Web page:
Crunchy, good-for-you nuts like almonds, pistachios, and walnuts make their way to your local supermarket only after they’ve passed a rigorous safety test. The assay ensures that the nuts are free of unsafe levels of aflatoxin, a natural, cancer-causing compound.
A fungus, or mold, known as Aspergillus flavus is a leading maker of aflatoxin. Now, ARS scientists Bruce C. Campbell and Jong H. Kim and their colleagues have discovered what might be done to stop that from happening.
Campbell leads the Plant Mycotoxin Research Unit at ARS’s Western Regional Research Center in Albany, California. Kim is a postdoctoral molecular biologist with the team.
When the mold feeds on certain kinds of tree nuts, the nuts respond by forming compounds called “oxidants,” explains Campbell. The oxidants, in turn, cause what’s known as “oxidative stress” in the mold. The mold’s reaction? Produce aflatoxin.
But compounds called “antioxidants” can, as their name implies, counter the oxidative stress. And, in doing so, they can quell nearly all aflatoxin production, the scientists found.
The studies could lead to safe, Earth-friendly ways to put antioxidants to work in tree-nut orchards. For example, antioxidants could be applied to trees, or perhaps the trees’ own supply of antioxidants could be bolstered through plant breeding.
Three Antioxidants Scrutinized
In laboratory experiments, Campbell and Kim grew colonies of the mold on extracts of walnut and pistachio. Next, they exposed the colonies to three compounds thought to be antioxidants: gallic acid, which ARS chemist Russell J. Molyneux and co-researchers discovered has aflatoxin-combating prowess in walnuts, and chlorogenic acid and caffeic acid, two compounds commonly found in coffee beans.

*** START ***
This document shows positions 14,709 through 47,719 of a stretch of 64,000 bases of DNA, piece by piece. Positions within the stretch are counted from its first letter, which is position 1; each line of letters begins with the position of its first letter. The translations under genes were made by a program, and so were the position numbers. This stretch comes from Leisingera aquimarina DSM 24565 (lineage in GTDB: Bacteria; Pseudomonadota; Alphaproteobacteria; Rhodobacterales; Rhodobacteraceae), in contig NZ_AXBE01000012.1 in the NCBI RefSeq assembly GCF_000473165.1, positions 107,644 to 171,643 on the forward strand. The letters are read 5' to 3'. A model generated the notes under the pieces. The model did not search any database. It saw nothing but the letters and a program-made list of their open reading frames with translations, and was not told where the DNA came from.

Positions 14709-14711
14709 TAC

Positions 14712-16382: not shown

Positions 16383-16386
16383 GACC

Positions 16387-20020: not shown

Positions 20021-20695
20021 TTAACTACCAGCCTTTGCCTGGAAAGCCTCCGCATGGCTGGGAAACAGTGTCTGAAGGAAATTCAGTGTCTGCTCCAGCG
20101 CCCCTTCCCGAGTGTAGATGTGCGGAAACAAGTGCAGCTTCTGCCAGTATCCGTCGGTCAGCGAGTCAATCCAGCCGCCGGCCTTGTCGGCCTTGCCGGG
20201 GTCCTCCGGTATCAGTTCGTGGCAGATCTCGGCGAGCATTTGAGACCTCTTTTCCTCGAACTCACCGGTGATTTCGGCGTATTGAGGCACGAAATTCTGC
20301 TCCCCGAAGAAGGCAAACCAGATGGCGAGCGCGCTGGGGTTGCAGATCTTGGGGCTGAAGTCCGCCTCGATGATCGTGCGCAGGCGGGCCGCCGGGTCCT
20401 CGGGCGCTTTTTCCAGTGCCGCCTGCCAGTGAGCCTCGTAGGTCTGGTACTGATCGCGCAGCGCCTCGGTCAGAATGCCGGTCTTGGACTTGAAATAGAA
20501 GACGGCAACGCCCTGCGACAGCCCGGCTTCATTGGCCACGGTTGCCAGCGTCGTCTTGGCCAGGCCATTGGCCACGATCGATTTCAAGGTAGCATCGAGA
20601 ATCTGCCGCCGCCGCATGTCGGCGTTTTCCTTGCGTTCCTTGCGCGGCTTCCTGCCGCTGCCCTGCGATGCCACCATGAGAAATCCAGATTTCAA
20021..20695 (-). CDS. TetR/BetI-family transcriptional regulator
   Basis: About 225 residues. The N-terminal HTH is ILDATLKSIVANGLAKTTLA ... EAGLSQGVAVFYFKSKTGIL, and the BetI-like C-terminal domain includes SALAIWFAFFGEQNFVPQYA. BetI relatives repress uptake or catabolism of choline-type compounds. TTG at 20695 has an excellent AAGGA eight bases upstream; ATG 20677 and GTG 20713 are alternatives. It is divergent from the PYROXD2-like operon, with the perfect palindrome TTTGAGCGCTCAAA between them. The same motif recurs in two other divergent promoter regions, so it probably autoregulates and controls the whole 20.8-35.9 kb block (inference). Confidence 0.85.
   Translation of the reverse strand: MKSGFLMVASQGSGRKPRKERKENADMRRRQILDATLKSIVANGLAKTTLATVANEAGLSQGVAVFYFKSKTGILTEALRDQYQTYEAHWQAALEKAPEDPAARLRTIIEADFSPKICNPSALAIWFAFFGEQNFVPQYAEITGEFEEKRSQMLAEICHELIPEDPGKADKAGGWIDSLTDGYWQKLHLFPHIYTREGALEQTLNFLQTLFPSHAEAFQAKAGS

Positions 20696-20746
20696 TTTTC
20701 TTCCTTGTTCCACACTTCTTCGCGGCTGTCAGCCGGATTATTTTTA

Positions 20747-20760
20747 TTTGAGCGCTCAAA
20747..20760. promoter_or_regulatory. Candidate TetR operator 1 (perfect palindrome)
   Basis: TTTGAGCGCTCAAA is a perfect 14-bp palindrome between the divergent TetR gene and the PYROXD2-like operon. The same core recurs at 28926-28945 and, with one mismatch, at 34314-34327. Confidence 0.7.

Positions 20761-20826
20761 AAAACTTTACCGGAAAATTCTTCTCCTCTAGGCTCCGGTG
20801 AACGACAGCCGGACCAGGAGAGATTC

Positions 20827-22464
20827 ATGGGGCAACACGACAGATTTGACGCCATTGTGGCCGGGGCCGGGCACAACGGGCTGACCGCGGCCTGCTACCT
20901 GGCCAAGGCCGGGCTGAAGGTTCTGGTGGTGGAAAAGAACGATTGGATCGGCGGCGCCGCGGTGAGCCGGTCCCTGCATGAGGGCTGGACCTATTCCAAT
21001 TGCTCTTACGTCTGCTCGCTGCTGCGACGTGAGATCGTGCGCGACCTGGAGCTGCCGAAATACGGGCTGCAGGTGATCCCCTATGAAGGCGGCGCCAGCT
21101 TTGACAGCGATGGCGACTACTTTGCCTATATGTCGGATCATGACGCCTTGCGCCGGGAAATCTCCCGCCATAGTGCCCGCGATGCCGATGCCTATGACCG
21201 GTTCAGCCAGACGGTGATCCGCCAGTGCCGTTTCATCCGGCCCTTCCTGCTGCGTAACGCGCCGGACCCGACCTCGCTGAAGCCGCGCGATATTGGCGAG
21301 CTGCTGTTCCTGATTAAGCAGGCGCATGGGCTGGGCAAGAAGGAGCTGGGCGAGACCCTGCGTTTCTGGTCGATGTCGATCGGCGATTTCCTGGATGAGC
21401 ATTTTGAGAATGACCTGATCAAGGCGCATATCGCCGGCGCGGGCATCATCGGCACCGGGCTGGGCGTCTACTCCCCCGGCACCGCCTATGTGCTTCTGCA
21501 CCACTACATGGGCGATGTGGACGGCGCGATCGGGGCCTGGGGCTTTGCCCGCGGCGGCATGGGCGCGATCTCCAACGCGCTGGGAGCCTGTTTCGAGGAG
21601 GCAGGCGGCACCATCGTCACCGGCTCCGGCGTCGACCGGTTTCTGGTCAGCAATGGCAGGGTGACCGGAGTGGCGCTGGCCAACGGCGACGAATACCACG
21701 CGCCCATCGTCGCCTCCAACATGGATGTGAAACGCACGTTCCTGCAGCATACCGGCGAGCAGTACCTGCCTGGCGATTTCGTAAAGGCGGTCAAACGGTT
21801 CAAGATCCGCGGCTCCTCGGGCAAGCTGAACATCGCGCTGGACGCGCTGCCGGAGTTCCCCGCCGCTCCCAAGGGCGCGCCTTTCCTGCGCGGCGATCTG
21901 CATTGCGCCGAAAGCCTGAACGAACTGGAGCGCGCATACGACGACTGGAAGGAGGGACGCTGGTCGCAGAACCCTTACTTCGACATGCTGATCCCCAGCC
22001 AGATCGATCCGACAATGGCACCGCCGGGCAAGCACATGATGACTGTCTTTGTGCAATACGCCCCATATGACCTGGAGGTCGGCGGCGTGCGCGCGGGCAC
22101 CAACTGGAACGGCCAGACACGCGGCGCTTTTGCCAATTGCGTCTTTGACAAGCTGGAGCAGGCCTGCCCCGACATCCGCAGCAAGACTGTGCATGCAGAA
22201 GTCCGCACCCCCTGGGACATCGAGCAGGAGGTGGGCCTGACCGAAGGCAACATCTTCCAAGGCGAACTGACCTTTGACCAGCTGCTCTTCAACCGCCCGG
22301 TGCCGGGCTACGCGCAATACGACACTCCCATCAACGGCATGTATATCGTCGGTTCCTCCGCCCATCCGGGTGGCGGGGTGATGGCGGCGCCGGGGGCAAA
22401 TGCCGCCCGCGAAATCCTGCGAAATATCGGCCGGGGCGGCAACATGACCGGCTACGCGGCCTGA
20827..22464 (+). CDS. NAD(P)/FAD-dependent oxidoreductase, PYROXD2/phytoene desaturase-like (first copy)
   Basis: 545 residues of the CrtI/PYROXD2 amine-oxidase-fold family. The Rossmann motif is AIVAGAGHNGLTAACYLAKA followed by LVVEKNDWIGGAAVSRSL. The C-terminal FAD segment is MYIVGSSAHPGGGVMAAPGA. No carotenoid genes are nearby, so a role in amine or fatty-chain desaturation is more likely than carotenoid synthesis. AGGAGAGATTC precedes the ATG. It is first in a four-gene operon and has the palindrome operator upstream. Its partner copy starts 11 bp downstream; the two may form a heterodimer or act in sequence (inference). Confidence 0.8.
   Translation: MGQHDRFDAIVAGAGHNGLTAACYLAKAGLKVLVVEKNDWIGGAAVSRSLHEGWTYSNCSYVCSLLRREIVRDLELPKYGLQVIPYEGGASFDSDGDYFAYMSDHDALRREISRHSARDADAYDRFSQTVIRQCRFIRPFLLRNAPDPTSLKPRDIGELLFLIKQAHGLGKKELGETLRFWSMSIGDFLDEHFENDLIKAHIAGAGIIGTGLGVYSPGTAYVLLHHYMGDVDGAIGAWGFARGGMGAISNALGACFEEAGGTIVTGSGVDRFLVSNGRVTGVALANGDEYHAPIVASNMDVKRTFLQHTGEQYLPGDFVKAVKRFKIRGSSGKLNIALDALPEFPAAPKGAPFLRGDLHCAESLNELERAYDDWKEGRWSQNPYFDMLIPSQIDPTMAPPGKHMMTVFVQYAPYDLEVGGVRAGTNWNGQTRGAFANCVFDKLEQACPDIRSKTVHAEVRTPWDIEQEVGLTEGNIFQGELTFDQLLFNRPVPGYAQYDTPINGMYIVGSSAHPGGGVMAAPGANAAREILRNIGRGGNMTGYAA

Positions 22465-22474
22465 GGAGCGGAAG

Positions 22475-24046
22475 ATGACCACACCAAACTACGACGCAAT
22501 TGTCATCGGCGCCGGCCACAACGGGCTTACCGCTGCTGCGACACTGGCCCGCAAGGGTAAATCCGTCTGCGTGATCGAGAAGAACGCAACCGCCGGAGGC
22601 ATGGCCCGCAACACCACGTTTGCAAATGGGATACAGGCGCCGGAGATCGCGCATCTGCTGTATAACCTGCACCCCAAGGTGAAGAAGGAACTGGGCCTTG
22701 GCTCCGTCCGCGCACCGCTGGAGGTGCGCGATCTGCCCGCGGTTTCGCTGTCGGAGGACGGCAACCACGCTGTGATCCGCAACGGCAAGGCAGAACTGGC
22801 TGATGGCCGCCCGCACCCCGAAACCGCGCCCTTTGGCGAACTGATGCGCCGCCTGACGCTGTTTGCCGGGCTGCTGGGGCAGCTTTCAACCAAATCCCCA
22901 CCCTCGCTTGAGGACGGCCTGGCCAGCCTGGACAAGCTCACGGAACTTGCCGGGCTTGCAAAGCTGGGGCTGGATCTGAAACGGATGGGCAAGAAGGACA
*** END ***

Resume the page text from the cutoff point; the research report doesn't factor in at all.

Caffeic acid outperformed the other antioxidants, reducing aflatoxin production by more than 95 percent. The studies are the first to show that oxidative stress that would otherwise trigger or enhance A. flavus aflatoxin production can be stymied by caffeic acid.
Caffeic acid is a natural ingredient not only in coffee beans but also in apples, bell peppers, pears, and other crops.
When it suppresses aflatoxin production, caffeic acid is thwarting the mold’s aflatoxin genes. Pinpointing these guilty genes could widen the array of new tactics to undermine them. So Campbell and Kim have teamed with ARS plant geneticist Jiujiang Yu of the ARS Southern Regional Research Center, New Orleans, Louisiana, who is currently working at the Institute for Genomic Research in Rockville, Maryland. (See "Killer Fungi" story in this issue.)
Using microarray technology, Kim took successive snapshots that captured the actions of one form of the mold’s genetic material, messenger RNA. He did that before the caffeic acid was applied and at 4 and 6 days after.
Yu, Campbell, and Kim found that 48 genes responded to the antioxidants. About half a dozen of these genes were not known to be involved with aflatoxin but may in fact be key players.—By Marcia Wood, Agricultural Research Service Information Staff.
Bruce C. Campbell and Jong H. Kim are with the USDA-ARS Western Regional Research Center, 800 Buchanan St., Albany, CA 94710; phone (510) 559-5846 [Campbell], (510) 559-5841 [Kim], fax (510) 559-5777.
"Nuts’ New Aflatoxin Fighter: Caffeic Acid?" was published in the October 2006 issue of Agricultural Research magazine.